Promotion of Joyce Hatto — 2006 archived page:

Jed Distler Reviews the Lost René Köhler BBC Recordings:

Letter published on Overgrown Path blog:

Charles Ives — “The Cage” and “Walking”

My little aside about the hamster in the cage not having learned to play the calliope reminded me of this 1906 song by Charles Ives:

The Cage

A leopard went around his cage
from one side back to the other side;
he stopped only when the keeper came around with meat;
A boy who had been there three hours
began to wonder, “Is life anything like that?”

Not a spiritual realization, but maybe an atonal precursor, since discovering how much life is like that — how much time we spend pacing our cages waiting to be thrown meat — may ultimately spur us on to seek a better way…

Charles Ives could write better (and more life-affirming) songs. Here’s a good one:


A big October morning,
the village church-bells,
the road along the ridge,
the chestnut burr and sumach,
the hills above the bridge
with autumn colors glow.
Now we strike a steady gait,
walking towards the future,
letting past and present wait,
we push on in the sun,
Now hark! Something bids us pause…
(down the valley, a church, a funeral going on.)
(up the valley, a roadhouse, a dance going on.)
But we keep on a-walking,
’tis yet not noon-day,
the road still calls us onward,
today we do not choose to die
or to dance, but to live and walk.

As a teen, I borrowed the music from the Donnell or Lincoln Center library and taped it (shhh!). I always loved the part “today we do not choose to die or to dance, but to live and walk.” Without knowing it, I was being led toward the middle path.

Chyi Yu, Voice of Innocence 1

UPDATED! I first heard the music of Chyi Yu around 1986 or so. I had gotten interested in music from Taiwan and China thanks to Sounds of China, a radio show put on by Chinese students at Columbia University. That show still airs on WKCR-FM as part of its In All Languages lineup.

Music nourishes us with many qualities that we need or long for, and not all qualities are available from a purely Western diet of sounds. I felt thrilled that my aural and cultural palate was being expanded by listening to Sounds of China. I made friends with some Chinese students and learned more about the music they were playing.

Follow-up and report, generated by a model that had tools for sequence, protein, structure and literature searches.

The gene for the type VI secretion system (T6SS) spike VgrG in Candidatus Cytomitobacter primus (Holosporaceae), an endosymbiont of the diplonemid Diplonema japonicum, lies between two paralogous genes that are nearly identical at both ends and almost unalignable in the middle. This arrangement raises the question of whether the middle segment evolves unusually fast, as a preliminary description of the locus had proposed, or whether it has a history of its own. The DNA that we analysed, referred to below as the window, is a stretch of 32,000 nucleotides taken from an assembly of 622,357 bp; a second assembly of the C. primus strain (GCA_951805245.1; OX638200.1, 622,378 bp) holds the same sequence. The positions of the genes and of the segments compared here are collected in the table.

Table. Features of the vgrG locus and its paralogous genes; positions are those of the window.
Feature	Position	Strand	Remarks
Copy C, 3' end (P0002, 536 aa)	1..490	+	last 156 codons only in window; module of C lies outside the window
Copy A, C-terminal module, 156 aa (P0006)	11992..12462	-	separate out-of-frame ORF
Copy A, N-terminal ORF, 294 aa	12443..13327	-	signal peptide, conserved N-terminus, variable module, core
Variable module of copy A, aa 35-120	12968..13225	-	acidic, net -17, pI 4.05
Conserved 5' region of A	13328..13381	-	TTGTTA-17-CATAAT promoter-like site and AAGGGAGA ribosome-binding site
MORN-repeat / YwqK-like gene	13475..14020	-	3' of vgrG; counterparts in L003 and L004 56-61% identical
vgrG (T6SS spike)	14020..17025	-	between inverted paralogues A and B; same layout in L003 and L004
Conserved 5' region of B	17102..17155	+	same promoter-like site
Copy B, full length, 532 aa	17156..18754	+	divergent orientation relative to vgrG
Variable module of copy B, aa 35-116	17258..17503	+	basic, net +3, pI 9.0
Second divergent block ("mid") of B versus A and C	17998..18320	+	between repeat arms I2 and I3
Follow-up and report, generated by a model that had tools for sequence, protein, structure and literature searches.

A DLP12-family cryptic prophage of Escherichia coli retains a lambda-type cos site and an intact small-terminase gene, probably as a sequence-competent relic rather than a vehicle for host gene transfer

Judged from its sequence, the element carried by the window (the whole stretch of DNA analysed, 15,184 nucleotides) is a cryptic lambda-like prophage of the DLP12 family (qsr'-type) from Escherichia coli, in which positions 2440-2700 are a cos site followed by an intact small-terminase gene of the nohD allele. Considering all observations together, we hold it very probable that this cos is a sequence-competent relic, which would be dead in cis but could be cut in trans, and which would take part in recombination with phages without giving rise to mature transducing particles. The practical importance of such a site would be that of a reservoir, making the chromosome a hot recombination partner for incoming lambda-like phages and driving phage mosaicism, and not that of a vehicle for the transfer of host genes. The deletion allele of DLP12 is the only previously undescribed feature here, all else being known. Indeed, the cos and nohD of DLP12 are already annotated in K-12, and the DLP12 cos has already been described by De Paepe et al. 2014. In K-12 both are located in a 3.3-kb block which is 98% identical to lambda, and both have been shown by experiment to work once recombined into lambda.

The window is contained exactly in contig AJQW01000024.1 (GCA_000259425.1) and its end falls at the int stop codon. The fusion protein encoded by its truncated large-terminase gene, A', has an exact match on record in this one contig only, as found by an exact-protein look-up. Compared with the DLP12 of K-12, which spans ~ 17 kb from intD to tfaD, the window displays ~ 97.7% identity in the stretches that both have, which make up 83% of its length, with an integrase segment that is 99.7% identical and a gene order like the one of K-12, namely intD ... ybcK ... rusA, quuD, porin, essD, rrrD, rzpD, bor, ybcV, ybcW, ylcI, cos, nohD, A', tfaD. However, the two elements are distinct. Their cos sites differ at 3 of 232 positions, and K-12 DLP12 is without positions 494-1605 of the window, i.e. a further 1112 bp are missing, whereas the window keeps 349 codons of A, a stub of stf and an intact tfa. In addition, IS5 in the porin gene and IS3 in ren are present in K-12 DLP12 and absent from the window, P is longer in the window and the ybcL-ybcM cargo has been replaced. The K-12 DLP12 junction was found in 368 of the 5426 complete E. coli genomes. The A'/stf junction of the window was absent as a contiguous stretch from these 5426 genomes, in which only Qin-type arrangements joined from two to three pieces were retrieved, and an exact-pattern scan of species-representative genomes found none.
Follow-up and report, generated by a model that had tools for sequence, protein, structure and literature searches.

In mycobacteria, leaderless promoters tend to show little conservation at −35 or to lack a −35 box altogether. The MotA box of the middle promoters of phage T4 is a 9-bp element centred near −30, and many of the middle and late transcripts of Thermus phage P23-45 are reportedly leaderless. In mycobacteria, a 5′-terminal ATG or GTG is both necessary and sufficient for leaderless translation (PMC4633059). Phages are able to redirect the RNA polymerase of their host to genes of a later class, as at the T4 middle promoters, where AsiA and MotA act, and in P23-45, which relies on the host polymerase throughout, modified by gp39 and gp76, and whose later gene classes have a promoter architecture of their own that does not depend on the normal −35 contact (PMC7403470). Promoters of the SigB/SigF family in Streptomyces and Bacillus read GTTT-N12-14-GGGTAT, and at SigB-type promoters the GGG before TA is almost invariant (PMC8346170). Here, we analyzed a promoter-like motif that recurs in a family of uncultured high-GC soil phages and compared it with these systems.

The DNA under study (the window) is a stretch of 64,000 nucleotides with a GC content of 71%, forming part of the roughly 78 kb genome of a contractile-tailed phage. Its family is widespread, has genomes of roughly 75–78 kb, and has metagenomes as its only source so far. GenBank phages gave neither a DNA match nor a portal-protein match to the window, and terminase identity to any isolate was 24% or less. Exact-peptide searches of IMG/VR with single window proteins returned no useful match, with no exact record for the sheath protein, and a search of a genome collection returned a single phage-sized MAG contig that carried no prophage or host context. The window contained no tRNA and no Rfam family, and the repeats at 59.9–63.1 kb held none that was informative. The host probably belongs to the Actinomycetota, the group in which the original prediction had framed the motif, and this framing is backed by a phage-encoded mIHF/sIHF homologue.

From the moment I first heard her singing, I felt that Chyi Yu was a very special artist. There was a quality of purity and joy in her voice which suggested something spiritual. That quality proved elusive as I tracked her career over a couple of decades. Out of many albums she released, around seven from her early and late periods stand out in my memory. There’s a middle period not quite as interesting to me, but I’ll get to that…

Chyi Yu rose to prominence as a beloved figure in the “campus folk” movement that emerged in Taiwan in the late 70s and early 80s, coming out of schools like NTU (National Taiwan University). Campus folk was strongly influenced by the American folk music revival of the sixties, and indeed, one of Chyi Yu’s early triumphs was winning a folk-singing contest with her Joan Baez-like rendition of “Diamonds and Rust.” But most campus folk was sung in Mandarin, and Chyi Yu famously sang in that language with a clarity and purity reminiscent of Baez, but a voice uniquely her own. She still does.

Though it’s a hackneyed cliché to refer to a female vocalist as a “songbird,” Chyi Yu seems like one of those people put on earth to sing and to delight others with her voice. The naturalness of it all brings to mind these lines from Tagore: